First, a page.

What’s The Difference Between A Porcupine And A Hedgehog




What's The Difference Between A Porcupine And A Hedgehog

What’s the difference between a porcupine and a hedgehog? Although porcupines and hedgehogs have distinctive quills, they vary in size, defense methods, food, and where they live. Their fur is rough and bristly, and they use sharp, spiky quills for defense. 

Porcupines are bigger, about 12 to 35 inches long. They live in woods, wooded areas, and hilly places in the Americas, Europe, and some parts of Asia. They eat mostly bark, leaves, and plants. Hedgehogs are smaller, 4-12 inches long, and have softer, spiky quills that can’t be removed. To protect themselves, they curl up into a ball. They eat various things, like plants, insects, and small animals. They can live in parks, cities, and other European, Asian, and African places. These differences show how these two interesting species have different ways of staying alive. Let’s explore more with us!

Hedgehog vs. Porcupine

SizeSmall (4-12 inches in length)Larger (12-35 inches in length)
WeightLighter (5 oz to 2.5 lbs)Heavier (2.5 to 77 lbs)
QuillsShort, dense, and not easily detachedLong, sharp, and easily detachable
HabitatEurope, Asia, and AfricaNorth and South America, Europe, and Asia
DietMostly insects, some plants and small animalsMainly plants, tree bark, and sometimes small animals
Social BehaviorSolitary, except during mating seasonMostly solitary, some species are social
Defense MechanismRolls into a ball to protect vulnerable areasReleases quills when threatened
Lifespan3-7 years in the wild5-7 years in the wild, up to 15 in captivity
ActivityNocturnalMostly nocturnal
Climbing AbilityLimitedGood, especially tree-dwelling species


It’s interesting to see how the sizes of hedgehogs and porcupines compare since they both have spiky skin but are relatively small.

The smallest of the two is the hedgehog. A hedgehog’s length ranges from 4 to 12 inches on average. They can easily fit in your hand since they are minor. They are around the size of a huge apple or a small melon. Additionally, they are lightweight, usually weighing between one and two pounds. A tiny bag of sugar has about the same weight as a hedgehog.

Difference Between A Porcupine And A Hedgehog

Conversely, porcupines are far more significant. Depending on the species, they may vary widely in size, but generally, their length ranges from 12 to 35 inches, or around the length of a regular yardstick or slightly longer. Additionally, they weigh a lot more—some species may weigh up to 20 pounds. It’s similar to toting a medium-sized dog!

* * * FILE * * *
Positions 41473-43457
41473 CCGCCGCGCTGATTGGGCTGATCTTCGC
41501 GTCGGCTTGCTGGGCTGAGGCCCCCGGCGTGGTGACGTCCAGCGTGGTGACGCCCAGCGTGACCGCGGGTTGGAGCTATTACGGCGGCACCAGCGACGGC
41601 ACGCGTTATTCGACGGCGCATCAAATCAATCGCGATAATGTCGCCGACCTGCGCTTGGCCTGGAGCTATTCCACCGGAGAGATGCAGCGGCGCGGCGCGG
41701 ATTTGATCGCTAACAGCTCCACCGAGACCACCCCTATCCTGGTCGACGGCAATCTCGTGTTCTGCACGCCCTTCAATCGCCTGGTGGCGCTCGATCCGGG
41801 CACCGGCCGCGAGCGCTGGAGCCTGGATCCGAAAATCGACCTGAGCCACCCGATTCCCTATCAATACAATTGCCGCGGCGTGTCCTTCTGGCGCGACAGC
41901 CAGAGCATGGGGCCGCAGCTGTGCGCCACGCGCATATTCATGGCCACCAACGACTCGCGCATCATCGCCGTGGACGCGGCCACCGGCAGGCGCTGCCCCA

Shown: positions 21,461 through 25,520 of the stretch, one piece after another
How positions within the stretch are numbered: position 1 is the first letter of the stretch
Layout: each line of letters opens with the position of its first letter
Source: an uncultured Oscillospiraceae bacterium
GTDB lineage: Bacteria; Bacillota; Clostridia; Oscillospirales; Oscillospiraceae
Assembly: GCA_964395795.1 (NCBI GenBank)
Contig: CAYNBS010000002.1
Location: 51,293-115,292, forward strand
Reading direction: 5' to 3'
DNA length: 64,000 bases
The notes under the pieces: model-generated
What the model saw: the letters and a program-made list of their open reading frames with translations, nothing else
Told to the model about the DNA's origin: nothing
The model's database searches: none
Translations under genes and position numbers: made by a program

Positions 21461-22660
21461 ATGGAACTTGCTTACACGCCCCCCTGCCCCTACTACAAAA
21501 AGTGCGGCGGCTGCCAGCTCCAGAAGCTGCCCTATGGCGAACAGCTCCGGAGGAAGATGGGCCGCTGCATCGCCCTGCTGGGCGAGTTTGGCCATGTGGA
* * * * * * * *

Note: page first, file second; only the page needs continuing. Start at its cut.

Therefore, see a hedgehog as a little, hand-sized animal and a porcupine as a large, prickly bundle that might easily occupy a considerable chunk of your lap when you imagine the two animals side by side.


As you can see, these two are very different, even though people often mix them up because of their spiky sides.

We start with hedgehogs. These little creatures are well-known for their cute appearance and diminutive stature. A hedgehog’s typical weight ranges from 400 to 700 grams. That almost equals the weight of a tiny pineapple. Due to their low weight, hedgehogs may easily fit into a person’s palm.

Let’s go on to the porcupines now. When compared to hedgehogs, these creatures are undoubtedly heavier. A porcupine’s average weight ranges from 5 to 16 kg. That’s about the weight of a medium-sized dog, to put things into perspective! Porcupines are more prominent, heavier, and have longer, sharper quills than hedgehogs.

There is a significant difference between the two. Porcupines are big, lumbering animals you’d encounter in the woods and, indeed, not anything you’d want to pick up! Hedgehogs are these little, palm-sized critters you may discover scuttling about your yard! Even though they are both protected by spikes, their weight differences bring forth their unique characteristics. Isn’t nature amazing?


Difference Between A Porcupine And A Hedgehog

The small, smooth quills of hedgehogs are securely linked to their bodies and are mainly utilized for protection by balling up into a ball. In contrast, porcupine quills are longer, more angular, and may be detached; they are designed to cling to predators. Porcupine and hedgehog quills vary in stiffness and sharpness, indicating their various defensive mechanisms and environmental adaptations. Hedgehog quills are softer and more flexible.


Hedgehogs and porcupines, though both spiny, differ significantly in their habitats. Hedgehogs favor gardens, woodlands, and meadows in Europe, Asia, and Africa, thriving in environments with hiding spots and rich insect food sources. Porcupines across North and South America and parts of Asia and Africa adapt to a broader range of habitats, including forests, deserts, and rocky areas. They are adept climbers, often dwelling in trees or rocky outcrops, in contrast to the more ground-oriented, secretive hedgehogs.


What hedgehogs and porcupines eat is very different. Hedgehogs eat primarily insects and worms, but they also sometimes eat small animals and bird eggs. Plus, they can eat plants and fruits. Their varied food helps them survive in various places, even cities.